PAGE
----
As it began to dawn upon me more and more that there was no escaping, thoughts crowded my brain in mad confusion. I saw not the world that surrounded me, I was hardly aware of time and space, my mind had entered a dreamy state. At intervals I felt a sensation of acute pain, a desire to see light through the darkness that enshrouded me. At these moments I felt like one maddened by a keen struggle to break through chains that are too strong to be broken. It seemed like irony that of all men Chotu should be the cause of all this. Chotu whom I had loved so much, upon whom I had looked as a friend. Then suddenly a thought dawned upon me, it came like a revelation: Chotu, the friend of my childhood, whom I had trusted as never another, Chotu was to be my saviour now. To him I would explain everything and he would come to my rescue. Now my mental atmosphere became clear once more. I felt like one giddy with joy at the inspiration that had taken hold of me. Yes, Chotu would save me.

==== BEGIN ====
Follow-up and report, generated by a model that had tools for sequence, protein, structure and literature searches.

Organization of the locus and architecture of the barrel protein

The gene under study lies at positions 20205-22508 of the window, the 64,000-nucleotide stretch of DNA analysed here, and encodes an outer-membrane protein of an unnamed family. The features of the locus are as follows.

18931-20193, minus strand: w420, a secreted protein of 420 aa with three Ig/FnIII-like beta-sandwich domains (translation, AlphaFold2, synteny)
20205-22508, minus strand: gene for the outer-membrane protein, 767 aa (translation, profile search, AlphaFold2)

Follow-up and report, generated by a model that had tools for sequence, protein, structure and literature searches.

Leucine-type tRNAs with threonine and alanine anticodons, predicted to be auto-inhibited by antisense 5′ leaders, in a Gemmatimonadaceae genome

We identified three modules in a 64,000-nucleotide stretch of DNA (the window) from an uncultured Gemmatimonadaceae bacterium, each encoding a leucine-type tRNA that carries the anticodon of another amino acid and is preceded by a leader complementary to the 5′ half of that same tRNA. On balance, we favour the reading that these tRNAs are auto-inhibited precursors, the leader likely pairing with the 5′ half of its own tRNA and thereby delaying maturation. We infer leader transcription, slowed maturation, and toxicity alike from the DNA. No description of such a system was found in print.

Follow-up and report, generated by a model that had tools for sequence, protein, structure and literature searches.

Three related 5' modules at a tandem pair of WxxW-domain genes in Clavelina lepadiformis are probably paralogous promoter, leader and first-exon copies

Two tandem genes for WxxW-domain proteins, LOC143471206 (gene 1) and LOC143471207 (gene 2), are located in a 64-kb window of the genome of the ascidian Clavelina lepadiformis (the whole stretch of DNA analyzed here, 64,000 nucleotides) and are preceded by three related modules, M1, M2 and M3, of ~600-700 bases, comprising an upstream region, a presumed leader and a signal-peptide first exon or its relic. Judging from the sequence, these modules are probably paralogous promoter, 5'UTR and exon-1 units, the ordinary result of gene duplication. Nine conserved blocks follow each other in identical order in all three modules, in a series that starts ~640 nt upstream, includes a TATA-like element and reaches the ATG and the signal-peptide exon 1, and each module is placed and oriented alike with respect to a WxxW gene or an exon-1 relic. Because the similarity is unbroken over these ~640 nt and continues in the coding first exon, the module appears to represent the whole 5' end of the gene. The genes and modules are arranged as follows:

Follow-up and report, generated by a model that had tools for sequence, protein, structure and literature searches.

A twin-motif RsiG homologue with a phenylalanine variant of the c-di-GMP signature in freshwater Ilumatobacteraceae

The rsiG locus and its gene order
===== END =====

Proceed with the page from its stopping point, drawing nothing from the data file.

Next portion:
While still I was reflecting upon all that might or might not be, a servant came and handed me a card. What strange accident of fate was this? The doctor! my heart stood almost still; it was not joy that caused it, but amazement. I was like one in a trance when I told the servant to show him in. I was alone in the drawing-room, the only private apartment the house afforded. I had fled thither to be away from the curiosity and annoying remarks of friends.
Oh, that I knew what was the right thing for me to do. Was it then really proper that I should receive him? It was useless, however, for me to weigh the question further, for before me stood the doctor ere I had time for serious reflection.
"You appear very poorly, are you suffering still?" He said this almost immediately after entering.
I do not know whether there was the expression of any deep sympathy in these words, but they affected me deeply. It required great effort to suppress my tears and I could falter only a few words in reply.